Tuesday, January 8, 2013

Tinto Review

This is for a series of posts related to Iron Chef Jose Garces including:

To celebrate our second anniversary, the GF and I decided to enjoy the tasting menu at Tinto, Iron Chef Jose Garces' second location. Opened in 2005, Garces' intimate restaurant focuses on Spanish cuisine, offering pintxos ("peen-choes"), which is the coastal Basque region's equivalent of tapas. Thus, there are obvious Spanish and French influences at play here.

Tinto Restaurant Entrance

Chef Garces owns seven restaurants in Philadelphia including Tinto, Chifa, Amada, JG Domestic, Garces Trading Company, Distrito, and Village Whiskey. The GF and I have now been to all of his restaurants, with the exception of Chifa - gotta get those pork belly buns that are so ubiquitous now! 

Tinto Restaurant Walls

Tinto exudes a warm atmosphere and is modeled on a wine cellar. The walls are lined with empty wine bottles and the entirety of the restaurant is dimly lit with candles and low lighting.

Tinto Restaurant Dining Room

There is a separate bar area which provides seating for up to 12 guests and during the warmer months, al fresco dining offers the opportunity for guests to enjoy the sights and sounds of  Rittenhouse Square. 

Before I get on to the food, I have to bring up the recent Vanity Fair article which excoriates the modern tasting menu and the supposedly totalitarian reign of cerebral celebrity chefs. Without divulging spoilers - all I have to say is, no one is forced to partake in a tasting menu. The diners that typically go to restaurants that offer a 4 to 5 hour excursion via a 40+ course tasting do so because they are admitted gluttons that also appreciate the journey they are being taken on. The supposed lack of choice? Restaurants that offer a la carte options are a dime a dozen. It's our choice to indulge in the chef's vision of a perfect meal. But I digress ...

It's fitting though that while we initially were planning on partaking in Chef Garces' tasting menu ($55 pp), we were offered an off-menu deluxe tasting ($75 pp). While the number of courses (thankfully!) did not differ between the two, the deluxe tasting offered Jamon Iberico and the dry-aged sirloin. Natch, we opted for the latter.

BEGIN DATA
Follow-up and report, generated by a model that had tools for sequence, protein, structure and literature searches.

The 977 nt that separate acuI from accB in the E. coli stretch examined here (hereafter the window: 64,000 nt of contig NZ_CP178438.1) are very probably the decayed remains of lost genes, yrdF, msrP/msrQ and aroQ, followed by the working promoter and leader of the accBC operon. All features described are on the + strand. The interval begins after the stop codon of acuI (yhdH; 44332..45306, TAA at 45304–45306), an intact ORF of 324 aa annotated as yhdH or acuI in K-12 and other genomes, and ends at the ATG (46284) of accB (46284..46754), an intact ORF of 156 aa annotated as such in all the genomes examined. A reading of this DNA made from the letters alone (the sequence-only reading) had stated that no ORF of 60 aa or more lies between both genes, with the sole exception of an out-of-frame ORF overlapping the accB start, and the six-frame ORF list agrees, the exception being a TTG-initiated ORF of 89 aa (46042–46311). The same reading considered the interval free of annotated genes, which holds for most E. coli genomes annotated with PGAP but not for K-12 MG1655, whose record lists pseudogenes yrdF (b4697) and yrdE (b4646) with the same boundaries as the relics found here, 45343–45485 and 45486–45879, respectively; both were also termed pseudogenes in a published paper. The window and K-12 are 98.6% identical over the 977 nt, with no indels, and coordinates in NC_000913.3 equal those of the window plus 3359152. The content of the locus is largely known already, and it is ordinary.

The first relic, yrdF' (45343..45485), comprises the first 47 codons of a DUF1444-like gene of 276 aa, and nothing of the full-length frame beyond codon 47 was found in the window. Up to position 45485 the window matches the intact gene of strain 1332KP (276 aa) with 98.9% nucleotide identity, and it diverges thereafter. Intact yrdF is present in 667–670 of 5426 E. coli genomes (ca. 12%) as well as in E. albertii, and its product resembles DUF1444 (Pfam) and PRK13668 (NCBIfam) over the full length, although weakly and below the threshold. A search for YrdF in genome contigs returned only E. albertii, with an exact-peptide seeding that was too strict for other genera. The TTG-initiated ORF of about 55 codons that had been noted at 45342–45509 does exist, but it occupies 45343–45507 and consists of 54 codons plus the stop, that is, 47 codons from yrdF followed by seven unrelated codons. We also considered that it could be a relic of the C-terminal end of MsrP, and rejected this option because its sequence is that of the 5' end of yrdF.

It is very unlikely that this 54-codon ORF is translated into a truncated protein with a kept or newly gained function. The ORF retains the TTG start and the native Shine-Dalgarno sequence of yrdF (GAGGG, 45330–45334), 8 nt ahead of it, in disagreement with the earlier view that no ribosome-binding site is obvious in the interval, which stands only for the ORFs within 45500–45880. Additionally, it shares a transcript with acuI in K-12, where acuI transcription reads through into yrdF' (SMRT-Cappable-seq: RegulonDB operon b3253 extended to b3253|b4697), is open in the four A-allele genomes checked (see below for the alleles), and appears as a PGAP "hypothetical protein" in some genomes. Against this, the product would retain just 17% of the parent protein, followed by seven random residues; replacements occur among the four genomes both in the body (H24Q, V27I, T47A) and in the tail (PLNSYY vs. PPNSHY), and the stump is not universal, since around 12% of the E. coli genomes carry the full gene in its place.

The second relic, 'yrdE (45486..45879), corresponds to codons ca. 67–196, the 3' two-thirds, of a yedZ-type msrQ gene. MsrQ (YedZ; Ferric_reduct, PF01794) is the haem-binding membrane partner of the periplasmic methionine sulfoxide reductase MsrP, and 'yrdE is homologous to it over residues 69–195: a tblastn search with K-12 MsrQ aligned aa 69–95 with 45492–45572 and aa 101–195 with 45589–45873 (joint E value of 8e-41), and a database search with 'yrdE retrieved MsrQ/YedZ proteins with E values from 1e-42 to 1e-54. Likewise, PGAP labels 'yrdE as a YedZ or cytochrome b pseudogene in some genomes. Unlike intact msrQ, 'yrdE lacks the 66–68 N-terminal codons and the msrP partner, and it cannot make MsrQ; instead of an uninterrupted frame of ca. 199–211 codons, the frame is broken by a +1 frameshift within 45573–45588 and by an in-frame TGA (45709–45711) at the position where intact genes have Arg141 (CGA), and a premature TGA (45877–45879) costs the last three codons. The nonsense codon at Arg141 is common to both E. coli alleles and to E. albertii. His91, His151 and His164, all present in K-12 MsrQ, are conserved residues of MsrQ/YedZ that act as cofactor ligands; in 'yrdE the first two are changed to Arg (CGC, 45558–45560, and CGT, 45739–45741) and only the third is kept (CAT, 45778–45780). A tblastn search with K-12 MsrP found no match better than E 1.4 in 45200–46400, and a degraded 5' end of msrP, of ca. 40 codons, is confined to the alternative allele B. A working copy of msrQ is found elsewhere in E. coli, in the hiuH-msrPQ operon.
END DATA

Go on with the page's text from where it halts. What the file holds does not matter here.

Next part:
Note: I've listed the a la carte pricing as well for any future diners that may want to try specific dishes at Tinto, rather than indulge in a tasting. Again - your choice!

Deluxe Tasting Menu ($75 pp)

Knowing that it was a special night, the staff at Tinto brought us complimentary Cava, essentially Spanish champagne. This was definitely a nice touch.

Trepat, Castell Roig, Brut Rosat, Penedès, NV ($60)

Made from a red Spanish wine grape variety, Trepat blends are often found in rosés. Dry on the initial attack, this was well-balanced and lent itself to a nice strawberry finish. Perfect sparkler for what was to come (namely the Jamon Iberico!).

Mahon Cheese Crisp 

For the amuse, we received a duet of cheese crisps, made from Mahon, a Spanish cow's milk cheese. These intensely flavored cylinders were light, airy, and completely hollow on the inside. They were crisp, almost to a fault, as they crumbled to pieces with any sort of pressure. Frankly I'm amazed they even came out to us in one piece! The accompanying tomato creme fraiche was smoky and had a nice depth of flavors.

Jamon Iberico de Belotta (Market Price)

Pure joy. Sure I've had dishes that had bits of jamón ibérico in it - the ibérico ham croquettas at Jamonera come to mind. However, I've only previously had jamón ibérico in its own naked, pure essence at Eataly in NYC. Not surprising as these slivers are typically priced at around $80 per pound!

Sourced from black Iberian pigs in Spain, the pigs feed naturally on herbs and acorns until the 'time' is right. Then, the diet is limited to acorns for the best quality of jamón ibérico, or jamón ibérico de bellota. After slaughter, the ham goes through a drying and curing process that takes anywhere from 12 to 48 months.

This particular iteration was cured for at least 24 months, resulting in a marbling that is clearly apparent. Smooth in texture and undeniably rich, these melted in my mouth when I could resist the urge to chew. The GF found the fattiness a bit off-putting, though I did let her know that due to the pig's diet, much of the fat is oleic acid, which is a "good" fat that has been shown to lower LDL cholesterol (the bad kind) and raise HDL levels (the good kind). Jamón ibérico as the new cheerios? I'd eat it for breakfast!

However, I'm thinking that after 2 years - she no longer believes everything that comes out of my mouth. 

Olives [$5]
Mixed olives, Mahon, saucisson sec